Medomsley Detention Centre: Abuse victims now total 83
More than 80 people have contacted police to say they were sexually abused at a former County Durham detention centre in the 1970s and early 1980s.
Medomsley juvenile detention centre was the focus of an investigation which saw Neville Husband and Leslie Johnson jailed for abusing inmates.
The case was reopened in August when a former inmate said he was also abused.
Det Supt Paul Goundry said: "We owe it to the former inmates to investigate every lead."
He added: "Experienced detectives will go to see our victims in person, wherever they are, answer any queries they may have and steer them towards the appropriate counselling services if they need them.
"We are also in regular contact with the Crown Prosecution Service who will ultimately advise on whether criminal charges should be brought."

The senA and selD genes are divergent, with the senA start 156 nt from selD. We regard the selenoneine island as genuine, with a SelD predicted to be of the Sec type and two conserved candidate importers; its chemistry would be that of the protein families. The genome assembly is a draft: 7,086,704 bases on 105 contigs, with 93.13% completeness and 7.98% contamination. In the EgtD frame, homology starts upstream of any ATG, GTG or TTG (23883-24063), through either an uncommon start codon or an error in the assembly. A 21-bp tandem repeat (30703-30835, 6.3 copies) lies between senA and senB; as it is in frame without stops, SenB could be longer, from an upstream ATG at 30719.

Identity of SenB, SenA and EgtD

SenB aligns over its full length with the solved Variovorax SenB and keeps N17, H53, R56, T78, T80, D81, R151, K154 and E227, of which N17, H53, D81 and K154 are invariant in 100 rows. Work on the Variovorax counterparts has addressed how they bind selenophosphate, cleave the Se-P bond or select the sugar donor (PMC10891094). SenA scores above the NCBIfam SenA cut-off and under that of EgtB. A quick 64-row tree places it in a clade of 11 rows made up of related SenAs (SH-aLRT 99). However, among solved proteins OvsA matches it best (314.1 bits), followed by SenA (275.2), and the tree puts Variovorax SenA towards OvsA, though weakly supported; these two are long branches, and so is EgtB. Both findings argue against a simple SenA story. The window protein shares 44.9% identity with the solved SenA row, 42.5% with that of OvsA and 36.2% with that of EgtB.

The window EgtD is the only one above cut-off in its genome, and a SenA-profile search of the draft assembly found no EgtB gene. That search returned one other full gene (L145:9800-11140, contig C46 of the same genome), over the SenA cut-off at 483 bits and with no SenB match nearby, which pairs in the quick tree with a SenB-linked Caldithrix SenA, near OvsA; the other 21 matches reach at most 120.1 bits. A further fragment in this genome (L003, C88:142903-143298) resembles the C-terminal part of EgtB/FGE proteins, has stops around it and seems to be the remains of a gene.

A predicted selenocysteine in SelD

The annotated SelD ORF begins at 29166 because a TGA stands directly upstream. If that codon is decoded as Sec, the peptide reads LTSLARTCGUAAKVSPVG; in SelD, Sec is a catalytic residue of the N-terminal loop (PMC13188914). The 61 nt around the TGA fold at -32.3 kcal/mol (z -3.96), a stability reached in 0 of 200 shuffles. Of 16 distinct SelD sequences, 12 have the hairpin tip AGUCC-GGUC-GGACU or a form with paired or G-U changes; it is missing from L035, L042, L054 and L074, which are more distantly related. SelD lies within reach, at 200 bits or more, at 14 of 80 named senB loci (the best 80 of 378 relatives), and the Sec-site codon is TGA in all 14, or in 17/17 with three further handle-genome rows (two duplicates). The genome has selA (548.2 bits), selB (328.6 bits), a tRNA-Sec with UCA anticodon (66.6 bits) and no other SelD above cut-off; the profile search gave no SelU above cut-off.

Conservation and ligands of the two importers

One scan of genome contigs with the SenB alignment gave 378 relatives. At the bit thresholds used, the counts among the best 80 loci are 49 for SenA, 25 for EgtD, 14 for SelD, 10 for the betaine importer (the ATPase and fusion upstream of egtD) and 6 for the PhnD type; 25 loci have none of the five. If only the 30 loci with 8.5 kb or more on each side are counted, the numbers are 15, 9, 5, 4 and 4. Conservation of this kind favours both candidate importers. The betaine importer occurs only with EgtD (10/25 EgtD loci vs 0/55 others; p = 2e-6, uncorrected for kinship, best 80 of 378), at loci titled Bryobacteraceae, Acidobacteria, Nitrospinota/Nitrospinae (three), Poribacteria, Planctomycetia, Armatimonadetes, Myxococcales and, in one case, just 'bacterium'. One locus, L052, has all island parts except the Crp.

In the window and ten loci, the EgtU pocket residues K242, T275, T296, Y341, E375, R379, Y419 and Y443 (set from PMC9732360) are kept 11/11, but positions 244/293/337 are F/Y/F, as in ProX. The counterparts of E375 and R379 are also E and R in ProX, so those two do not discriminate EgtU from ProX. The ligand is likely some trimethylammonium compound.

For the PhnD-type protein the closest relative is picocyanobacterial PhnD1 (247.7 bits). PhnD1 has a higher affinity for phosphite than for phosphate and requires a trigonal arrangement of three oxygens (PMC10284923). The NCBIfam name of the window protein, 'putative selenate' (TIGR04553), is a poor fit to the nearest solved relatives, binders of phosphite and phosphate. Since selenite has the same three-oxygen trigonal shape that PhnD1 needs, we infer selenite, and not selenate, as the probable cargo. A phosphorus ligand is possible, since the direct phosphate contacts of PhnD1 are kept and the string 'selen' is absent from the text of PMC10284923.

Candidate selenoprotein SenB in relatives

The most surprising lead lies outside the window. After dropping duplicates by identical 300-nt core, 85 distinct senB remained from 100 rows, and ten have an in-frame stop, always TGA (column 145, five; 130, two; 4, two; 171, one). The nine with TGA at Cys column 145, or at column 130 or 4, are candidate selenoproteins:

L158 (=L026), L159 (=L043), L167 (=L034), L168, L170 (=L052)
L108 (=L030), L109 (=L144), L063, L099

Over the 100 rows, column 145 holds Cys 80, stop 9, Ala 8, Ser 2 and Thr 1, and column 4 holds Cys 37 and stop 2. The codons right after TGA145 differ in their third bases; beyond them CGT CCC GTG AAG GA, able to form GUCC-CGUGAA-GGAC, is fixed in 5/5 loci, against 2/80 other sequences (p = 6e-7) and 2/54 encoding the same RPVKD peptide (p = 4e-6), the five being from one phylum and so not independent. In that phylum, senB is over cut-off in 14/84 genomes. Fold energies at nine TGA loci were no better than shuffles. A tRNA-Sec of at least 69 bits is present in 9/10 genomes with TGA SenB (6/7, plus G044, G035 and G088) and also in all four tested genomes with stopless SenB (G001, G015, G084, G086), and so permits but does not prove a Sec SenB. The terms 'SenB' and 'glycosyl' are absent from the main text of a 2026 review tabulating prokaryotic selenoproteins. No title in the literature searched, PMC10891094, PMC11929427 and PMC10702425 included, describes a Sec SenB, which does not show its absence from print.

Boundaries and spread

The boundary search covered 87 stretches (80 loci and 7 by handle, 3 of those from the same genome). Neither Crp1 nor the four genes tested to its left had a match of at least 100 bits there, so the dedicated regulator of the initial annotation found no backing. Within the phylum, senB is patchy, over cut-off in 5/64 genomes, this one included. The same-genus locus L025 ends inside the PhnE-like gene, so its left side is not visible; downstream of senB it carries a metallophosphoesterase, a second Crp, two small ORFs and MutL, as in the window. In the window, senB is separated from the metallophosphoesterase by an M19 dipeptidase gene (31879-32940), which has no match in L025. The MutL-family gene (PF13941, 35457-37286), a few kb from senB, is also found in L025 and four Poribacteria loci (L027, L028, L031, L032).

Church minister Husband, who worked at the detention centre as a prison officer, was jailed for 12 years in 2003 for the abuse which is said to have happened between 1974 and 1984.
Johnson, a store man, was sentenced to six years in 2005. Both are now dead.
Durham Police said "almost two dozen" victims were known to police in the original investigation.
Medomsley closed in 1988 after the abuse came to light. It has since reopened as a secure training centre.
In 2003, Newcastle Crown Court heard how Husband, who became a minister in the United Reformed Church after 27 years in the prison service, had used his position of authority to systematically abuse his victims.
The male inmates, who were aged between 16 and 19 at the time, had been picked by Husband to work in the kitchens, where he would sometimes "blatantly" indecently assault them or take them away for abuse in secret.
Many of those sent to Medomsley were first-time offenders often detained for relatively minor offences.